Breaking: House of Lords defeats government plans to scrap EU rights charter after Brexit
London, UK: The UK Government has suffered another embarrassing defeat on its flagship Brexit bill in the House of Lords after peers voted to keep a key EU human rights charter as part of British law.
Peers backed a cross-party amendment in favor of retaining the EU Charter of Fundamental Rights by a majority of 71, with 316 supporting the motion and 245 opposing it. It is the third major defeat the government has suffered on its EU Withdrawal Bill in less than a week. The bill will transfer almost all European statutes into UK law when Britain leaves the EU, but the Charter of Fundamental Rights is one of a handful of pieces of legislation that will not be retained.
Last week, peers voted for amendments to try to keep the UK in a customs union with the EU, and enshrine workers rights after Brexit.
The latest defeat could force the government to soften its stance when the bill returns to the House of Commons. Ministers have insisted retaining the Charter of Fundamental Rights is unnecessary and that the protections it offers will be included elsewhere.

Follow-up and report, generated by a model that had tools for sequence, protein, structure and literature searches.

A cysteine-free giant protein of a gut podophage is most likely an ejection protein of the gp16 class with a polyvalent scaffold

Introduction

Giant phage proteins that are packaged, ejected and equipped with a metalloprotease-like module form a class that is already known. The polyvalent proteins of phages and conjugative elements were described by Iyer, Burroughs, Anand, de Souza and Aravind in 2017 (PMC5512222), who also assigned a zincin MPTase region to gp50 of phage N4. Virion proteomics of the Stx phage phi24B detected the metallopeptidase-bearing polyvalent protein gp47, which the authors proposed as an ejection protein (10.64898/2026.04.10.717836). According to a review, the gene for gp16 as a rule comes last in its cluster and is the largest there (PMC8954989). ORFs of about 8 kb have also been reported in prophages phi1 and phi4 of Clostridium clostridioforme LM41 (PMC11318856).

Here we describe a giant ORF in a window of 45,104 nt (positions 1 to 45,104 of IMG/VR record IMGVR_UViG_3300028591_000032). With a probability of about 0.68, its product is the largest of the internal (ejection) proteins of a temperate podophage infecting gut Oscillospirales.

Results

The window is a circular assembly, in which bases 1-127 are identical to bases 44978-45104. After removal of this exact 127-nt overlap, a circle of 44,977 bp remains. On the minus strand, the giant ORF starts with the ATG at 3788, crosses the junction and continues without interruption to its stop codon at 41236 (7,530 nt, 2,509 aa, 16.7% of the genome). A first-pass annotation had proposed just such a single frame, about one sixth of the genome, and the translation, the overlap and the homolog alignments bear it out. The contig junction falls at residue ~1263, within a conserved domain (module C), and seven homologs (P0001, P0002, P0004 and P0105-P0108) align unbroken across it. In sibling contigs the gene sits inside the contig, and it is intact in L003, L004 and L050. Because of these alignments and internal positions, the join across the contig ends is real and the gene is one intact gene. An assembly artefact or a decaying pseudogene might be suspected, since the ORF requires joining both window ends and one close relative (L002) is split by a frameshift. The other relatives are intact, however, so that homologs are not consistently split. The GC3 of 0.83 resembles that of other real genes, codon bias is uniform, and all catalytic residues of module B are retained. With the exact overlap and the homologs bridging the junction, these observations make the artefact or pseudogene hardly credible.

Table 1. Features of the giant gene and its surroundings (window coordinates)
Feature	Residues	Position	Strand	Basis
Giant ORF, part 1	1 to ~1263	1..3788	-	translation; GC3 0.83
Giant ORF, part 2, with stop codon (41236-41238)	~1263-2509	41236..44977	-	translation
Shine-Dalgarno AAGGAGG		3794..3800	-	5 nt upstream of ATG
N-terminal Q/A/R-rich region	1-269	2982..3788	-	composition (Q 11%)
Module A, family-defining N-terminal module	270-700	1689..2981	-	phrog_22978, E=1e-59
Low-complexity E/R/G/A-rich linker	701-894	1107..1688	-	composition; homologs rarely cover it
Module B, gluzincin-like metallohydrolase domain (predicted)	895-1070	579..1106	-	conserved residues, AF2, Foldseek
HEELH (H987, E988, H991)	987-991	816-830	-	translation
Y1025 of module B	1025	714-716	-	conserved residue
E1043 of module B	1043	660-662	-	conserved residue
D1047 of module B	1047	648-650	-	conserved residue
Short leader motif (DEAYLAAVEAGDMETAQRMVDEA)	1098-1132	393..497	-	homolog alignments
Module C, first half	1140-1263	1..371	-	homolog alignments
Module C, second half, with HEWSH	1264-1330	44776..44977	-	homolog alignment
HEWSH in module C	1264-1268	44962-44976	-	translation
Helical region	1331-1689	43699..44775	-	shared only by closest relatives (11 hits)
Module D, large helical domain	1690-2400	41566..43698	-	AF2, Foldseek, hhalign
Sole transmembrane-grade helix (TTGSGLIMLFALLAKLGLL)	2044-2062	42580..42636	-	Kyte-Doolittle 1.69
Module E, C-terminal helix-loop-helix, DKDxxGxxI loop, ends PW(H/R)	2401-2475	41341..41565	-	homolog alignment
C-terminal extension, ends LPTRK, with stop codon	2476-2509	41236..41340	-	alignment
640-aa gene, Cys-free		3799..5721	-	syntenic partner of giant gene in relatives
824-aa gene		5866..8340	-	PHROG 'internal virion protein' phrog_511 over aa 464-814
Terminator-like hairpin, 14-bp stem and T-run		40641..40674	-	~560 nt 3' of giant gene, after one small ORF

But a number of peers, including several Tory rebels, criticised these claims. Lord Pannick, a crossbencher who co-sponsored the amendment, said excluding the charter from UK law after Brexit would be a “recipe for confusion”.
“I fear the government is seeking to make an exception for rights under the charter because the government is suspicious of the very concept of fundamental rights,” he said.
“This bill should not be used as an excuse to reduce the legal rights which we all enjoy against the state.”
Saying there had been “no coherent defense of the government’s position”, he added: “The exclusion of the Charter of Fundamental Rights from this bill is unprincipled and unjustified.”
The Charter of Fundamental Rights contains a wide range of protections, including the right to a private life, freedom of speech, equality provisions and employment rights governing how workers are treated. It is broader than the European Convention on Human Rights, which is already part of UK law through the Human Rights Act.
Human rights campaigners also welcomed the defeat. Martha Spurrier, director of the charity Liberty, said: “This is a huge victory for human rights and common sense. The Lords have sent a clear message to the government: you can’t use Brexit to take away people’s rights.
“Singling out the charter as the only law ministers refused to bring home from the EU was a cynically politicised move built on hostility to laws that protect us all from abuses of power. It’s time the government provided the certainty our country needs and brought home all our hard-won rights.”
News Courtesy: The Independent